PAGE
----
Phase Change Materials: Limitations and Improvements

Phase Change Materials: Limitations and Improvements

By Shehwar Ali

Phase change materials are considered to be ideal products for thermal management solutions. These materials are capable of storing and releasing thermal energy while melting and freezing, hence the name phase change.

Phase change materials, when in the process of freezing, release a large amount of energy (latent energy), also known as the energy of crystallization. On the other hand, when melted, these materials absorb an equal amount of energy from the environment.

Types of Phase Change Materials & Limitations

There are various types of phase change materials. The most commonly used ones include salt hydrates, fatty acids, esters, and paraffin.  Ionic liquids are considered to be more of the newer ones.

Each type of material bears some disadvantages or limitations. For instance, the difficulty with ice is that it is good only when maintained at a minimum temperature of 0oC; same is the case with gel packs. Gel packs have a predominant compound called sodium polyacrylate. With its addition, the whole crystal structure of ice is changed and therefore, ice loses its ability to work as an active phase change material.

Another example is a salt hydrate. Some problems occur when the salt hydrate is used as a phase change material. The main issue is that salt hydrate melts incongruently when melting into a saturated aqueous phase and a solid phase. Because of the differences in density, a phenomenon called decomposition occurs, which in most cases is irreversible. Other issues of salt hydrates include their poor nucleating properties (which can be adjusted by adding a nucleating agent). Also, change in volume along with their destructive nature and toxicity are one of the prominent issues of using salt hydrates.

Paraffin is a traditional phase change material and also bears some limitations. Pure paraffin products are thought to have very high latent heats. Petroleum-based paraffin has geopolitical consequences because of the release of an excess amount of carbon which contributes to the global warming crisis.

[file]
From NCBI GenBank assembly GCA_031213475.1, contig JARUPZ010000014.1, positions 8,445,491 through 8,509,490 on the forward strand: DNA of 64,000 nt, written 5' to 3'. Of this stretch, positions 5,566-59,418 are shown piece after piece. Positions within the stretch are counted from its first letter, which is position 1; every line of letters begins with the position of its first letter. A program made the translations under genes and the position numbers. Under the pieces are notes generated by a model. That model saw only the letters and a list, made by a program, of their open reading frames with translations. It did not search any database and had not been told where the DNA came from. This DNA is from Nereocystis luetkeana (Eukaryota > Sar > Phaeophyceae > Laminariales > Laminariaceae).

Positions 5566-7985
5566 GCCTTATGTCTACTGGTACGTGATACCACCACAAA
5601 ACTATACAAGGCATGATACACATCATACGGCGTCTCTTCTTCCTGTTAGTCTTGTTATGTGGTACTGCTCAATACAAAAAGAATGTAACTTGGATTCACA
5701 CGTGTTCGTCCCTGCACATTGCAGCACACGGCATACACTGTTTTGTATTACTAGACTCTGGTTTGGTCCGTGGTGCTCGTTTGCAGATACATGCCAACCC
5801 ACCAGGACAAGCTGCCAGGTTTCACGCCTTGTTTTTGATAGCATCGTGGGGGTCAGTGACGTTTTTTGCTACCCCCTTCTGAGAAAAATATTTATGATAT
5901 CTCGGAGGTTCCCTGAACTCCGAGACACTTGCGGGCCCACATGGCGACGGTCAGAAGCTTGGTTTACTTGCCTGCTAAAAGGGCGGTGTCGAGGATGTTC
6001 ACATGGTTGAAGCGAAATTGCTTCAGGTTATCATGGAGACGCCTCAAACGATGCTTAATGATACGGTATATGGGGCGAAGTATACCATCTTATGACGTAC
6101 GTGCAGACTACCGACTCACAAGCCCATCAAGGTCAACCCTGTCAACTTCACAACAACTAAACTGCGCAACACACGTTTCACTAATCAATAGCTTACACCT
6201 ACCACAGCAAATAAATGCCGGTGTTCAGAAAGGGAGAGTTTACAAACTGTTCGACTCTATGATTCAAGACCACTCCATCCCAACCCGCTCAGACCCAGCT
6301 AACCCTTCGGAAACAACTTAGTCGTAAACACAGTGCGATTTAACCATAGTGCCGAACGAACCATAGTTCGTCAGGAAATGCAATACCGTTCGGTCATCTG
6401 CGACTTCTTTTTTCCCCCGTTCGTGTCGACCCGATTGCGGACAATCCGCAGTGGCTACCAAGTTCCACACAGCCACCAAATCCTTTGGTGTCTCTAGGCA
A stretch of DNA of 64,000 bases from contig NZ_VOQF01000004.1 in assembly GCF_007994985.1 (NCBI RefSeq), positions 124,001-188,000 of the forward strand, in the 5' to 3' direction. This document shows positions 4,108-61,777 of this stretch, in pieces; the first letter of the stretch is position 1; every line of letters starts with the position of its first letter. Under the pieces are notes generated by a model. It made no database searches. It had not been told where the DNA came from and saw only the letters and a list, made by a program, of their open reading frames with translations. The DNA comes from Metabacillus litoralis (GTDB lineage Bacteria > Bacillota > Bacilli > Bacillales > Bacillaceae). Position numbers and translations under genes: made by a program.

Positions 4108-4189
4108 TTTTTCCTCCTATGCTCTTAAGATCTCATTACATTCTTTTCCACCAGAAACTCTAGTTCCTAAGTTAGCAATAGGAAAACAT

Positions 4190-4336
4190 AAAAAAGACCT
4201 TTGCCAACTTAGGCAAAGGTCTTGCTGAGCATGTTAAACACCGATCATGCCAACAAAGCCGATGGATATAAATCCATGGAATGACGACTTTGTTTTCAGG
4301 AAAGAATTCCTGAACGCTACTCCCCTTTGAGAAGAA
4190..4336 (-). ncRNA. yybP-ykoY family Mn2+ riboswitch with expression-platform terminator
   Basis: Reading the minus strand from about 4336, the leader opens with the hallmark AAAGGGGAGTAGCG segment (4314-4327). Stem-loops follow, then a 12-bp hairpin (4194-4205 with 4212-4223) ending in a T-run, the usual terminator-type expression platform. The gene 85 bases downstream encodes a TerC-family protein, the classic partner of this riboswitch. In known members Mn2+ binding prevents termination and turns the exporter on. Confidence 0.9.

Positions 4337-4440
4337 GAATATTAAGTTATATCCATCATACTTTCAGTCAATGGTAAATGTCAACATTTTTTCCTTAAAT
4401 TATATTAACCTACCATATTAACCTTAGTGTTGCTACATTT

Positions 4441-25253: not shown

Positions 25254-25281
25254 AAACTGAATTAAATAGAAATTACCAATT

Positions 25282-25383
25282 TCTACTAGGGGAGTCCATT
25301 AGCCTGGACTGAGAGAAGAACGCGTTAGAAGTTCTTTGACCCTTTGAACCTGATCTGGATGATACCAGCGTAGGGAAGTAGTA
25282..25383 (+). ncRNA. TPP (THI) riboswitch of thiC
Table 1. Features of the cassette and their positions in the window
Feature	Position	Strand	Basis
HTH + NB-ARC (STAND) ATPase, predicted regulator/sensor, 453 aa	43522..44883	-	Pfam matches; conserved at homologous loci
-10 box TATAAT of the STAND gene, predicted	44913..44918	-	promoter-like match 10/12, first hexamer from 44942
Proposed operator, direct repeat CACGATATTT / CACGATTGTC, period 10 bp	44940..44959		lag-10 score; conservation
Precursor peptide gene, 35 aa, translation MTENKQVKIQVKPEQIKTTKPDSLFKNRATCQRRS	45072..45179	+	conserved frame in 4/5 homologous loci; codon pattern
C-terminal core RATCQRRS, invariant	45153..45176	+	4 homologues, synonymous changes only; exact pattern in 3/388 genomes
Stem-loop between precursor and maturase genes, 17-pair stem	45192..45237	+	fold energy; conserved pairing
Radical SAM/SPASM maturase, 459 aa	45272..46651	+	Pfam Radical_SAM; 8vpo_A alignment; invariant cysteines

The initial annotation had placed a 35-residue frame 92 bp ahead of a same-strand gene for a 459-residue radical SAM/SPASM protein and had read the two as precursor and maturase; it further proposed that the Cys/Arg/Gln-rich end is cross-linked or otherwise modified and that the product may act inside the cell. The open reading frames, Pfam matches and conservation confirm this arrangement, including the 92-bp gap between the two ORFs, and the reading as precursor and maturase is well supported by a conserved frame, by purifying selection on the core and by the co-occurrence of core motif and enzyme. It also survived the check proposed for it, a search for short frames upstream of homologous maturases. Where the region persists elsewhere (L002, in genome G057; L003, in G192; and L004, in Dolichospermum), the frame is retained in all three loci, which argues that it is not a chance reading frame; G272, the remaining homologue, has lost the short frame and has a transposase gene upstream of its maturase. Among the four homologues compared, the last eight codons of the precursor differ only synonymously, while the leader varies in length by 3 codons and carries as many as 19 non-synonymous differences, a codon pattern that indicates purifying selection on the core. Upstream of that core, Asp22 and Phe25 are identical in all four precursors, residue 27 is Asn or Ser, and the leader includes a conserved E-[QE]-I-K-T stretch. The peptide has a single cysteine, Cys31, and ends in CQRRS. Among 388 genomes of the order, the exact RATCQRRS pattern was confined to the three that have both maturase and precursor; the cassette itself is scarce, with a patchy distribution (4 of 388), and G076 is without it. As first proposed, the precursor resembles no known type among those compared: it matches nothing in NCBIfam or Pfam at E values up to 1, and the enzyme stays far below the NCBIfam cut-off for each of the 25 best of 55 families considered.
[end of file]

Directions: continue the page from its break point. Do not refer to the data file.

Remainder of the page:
PCM Improvements – A Reality!

Vegetable-based phase change materials are gaining popularity because of their safety and environmental benefits. Paraffin is thought to be toxic and has laxative effects when ingested. Moreover, when disposed of in a landfill, it poses environment problems.  The material that makes up paraffin, long chain alkanes, will not decay for decades. On the other hand, vegetable-based phase change materials degrade within six months. Considered cost-effective, vegetable-based materials are environmentally friendly and also renewable with the capability to be microencapsulated.  Biodegradable, higher latent heat, longer ignition rates, longer horizontal flame propagation rates are all the new properties that vegetable-based phase change materials have to offer.

The role of phase change materials in stabilizing the temperature of the environment is significant. A system that saves energy while providing comfort is what these products have to offer are main advantages. Even though many disadvantages still exist, research is ongoing to overcome hurdles holding back phase change materials.

Learn more about Phase Change Materials in PreScouter’s webinar.

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